Exemplary Computer System Implementation

It will be apparent to persons skilled in the relevant art(s) that various elements and features of the present disclosure, as described herein, can be implemented in hardware using analog and/or digital circuits, in software, through the execution of instructions by one or more general purpose or special-purpose processors, or as a combination of hardware and software.

The following description of a general purpose computer system is provided for the sake of completeness. Embodiments of the present disclosure can be implemented in hardware, or as a combination of software and hardware. Consequently, embodiments of the disclosure may be implemented in the environment of a computer system or other processing system. An example of such a computer system 700 is shown in FIG. 7. One or more of the modules depicted in the previous figures can be at least partially implemented on one or more distinct computer systems 700.

Computer system 700 includes one or more processors, such as processor 704. Processor 704 can be a special purpose or a general purpose digital signal processor. Processor 704 is connected to a communication infrastructure 702 (for example, a bus or network). Various software implementations are described in terms of this exemplary computer system. After reading this description, it will become apparent to a person skilled in the relevant art(s) how to implement the disclosure using other computer systems and/or computer architectures.

Computer system 700 also includes a main memory 706, preferably random access memory (RAM), and may also include a secondary memory 708. Secondary memory 708 may include, for example, a hard disk drive 710 and/or a removable storage drive 712, representing a floppy disk drive, a magnetic tape drive, an optical disk drive, or the like. Removable storage drive 712 reads from and/or writes to a removable storage unit 716 in a well-known manner. Removable storage unit 716 represents a floppy disk, magnetic tape, optical disk, or the like, which is read by and written to by removable storage drive 712. As will be appreciated by persons skilled in the relevant art(s), removable storage unit 716 includes a computer usable storage medium having stored therein computer software and/or data.

In alternative implementations, secondary memory 708 may include other similar means for allowing computer programs or other instructions to be loaded into computer system 700. Such means may include, for example, a removable storage unit 718 and an interface 714. Examples of such means may include a program cartridge and cartridge interface (such as that found in video game devices), a removable memory chip (such as an EPROM, or PROM) and associated socket, a thumb drive and USB port, and other removable storage units 718 and interfaces 714 which allow software and data to be transferred from removable storage unit 718 to computer system 700.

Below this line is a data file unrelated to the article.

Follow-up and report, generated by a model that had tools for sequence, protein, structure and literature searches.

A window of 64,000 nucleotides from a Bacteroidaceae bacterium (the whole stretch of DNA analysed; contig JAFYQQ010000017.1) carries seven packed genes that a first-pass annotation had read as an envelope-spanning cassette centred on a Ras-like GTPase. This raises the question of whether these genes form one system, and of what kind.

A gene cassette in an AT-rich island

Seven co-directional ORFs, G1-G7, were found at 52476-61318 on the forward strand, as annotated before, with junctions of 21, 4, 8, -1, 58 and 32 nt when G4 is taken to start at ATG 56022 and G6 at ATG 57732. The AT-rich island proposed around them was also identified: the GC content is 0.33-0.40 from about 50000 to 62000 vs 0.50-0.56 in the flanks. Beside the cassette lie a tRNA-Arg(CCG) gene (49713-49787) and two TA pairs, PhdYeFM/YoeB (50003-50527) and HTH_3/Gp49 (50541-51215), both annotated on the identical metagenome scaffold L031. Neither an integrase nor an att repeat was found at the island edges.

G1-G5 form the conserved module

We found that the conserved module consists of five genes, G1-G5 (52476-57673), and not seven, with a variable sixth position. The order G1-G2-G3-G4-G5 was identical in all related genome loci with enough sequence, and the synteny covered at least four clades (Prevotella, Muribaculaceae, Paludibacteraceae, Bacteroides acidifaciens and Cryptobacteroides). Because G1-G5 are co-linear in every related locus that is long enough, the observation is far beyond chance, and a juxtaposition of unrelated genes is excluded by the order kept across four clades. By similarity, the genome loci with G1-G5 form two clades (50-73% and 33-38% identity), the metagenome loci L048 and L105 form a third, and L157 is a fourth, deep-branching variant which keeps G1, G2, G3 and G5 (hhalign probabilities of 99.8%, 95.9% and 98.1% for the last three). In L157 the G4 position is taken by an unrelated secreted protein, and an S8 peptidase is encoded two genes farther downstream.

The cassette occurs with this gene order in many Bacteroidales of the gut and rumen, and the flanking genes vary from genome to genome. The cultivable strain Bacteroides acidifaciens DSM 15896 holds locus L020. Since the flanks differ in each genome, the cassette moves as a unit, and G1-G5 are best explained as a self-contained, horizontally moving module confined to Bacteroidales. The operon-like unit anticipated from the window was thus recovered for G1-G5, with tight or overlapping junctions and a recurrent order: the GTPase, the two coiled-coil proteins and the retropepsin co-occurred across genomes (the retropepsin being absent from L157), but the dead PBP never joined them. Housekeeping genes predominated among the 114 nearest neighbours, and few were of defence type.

Computer system 700 may also include a communications interface 720. Communications interface 720 allows software and data to be transferred between computer system 700 and external devices. Examples of communications interface 720 may include a modem, a network interface (such as an Ethernet card), a communications port, a PCMCIA slot and card, etc. Software and data transferred via communications interface 720 are in the form of signals which may be electronic, electromagnetic, optical, or other signals capable of being received by communications interface 720. These signals are provided to communications interface 720 via a communications path 722. Communications path 722 carries signals and may be implemented using wire or cable, fiber optics, a phone line, a cellular phone link, an RF link and other communications channels.

As used herein, the terms “computer program medium” and “computer readable medium” are used to generally refer to tangible storage media such as removable storage units 716 and 718 or a hard disk installed in hard disk drive 710. These computer program products are means for providing software to computer system 700.

Computer programs (also called computer control logic) are stored in main memory 706 and/or secondary memory 708. Computer programs may also be received via communications interface 720. Such computer programs, when executed, enable the computer system 700 to implement the present disclosure as discussed herein. In particular, the computer programs, when executed, enable processor 704 to implement the processes of the present disclosure, such as any of the methods described herein. Accordingly, such computer programs represent controllers of the computer system 700. Where the disclosure is implemented using software, the software may be stored in a computer program product and loaded into computer system 700 using removable storage drive 712, interface 714, or communications interface 720.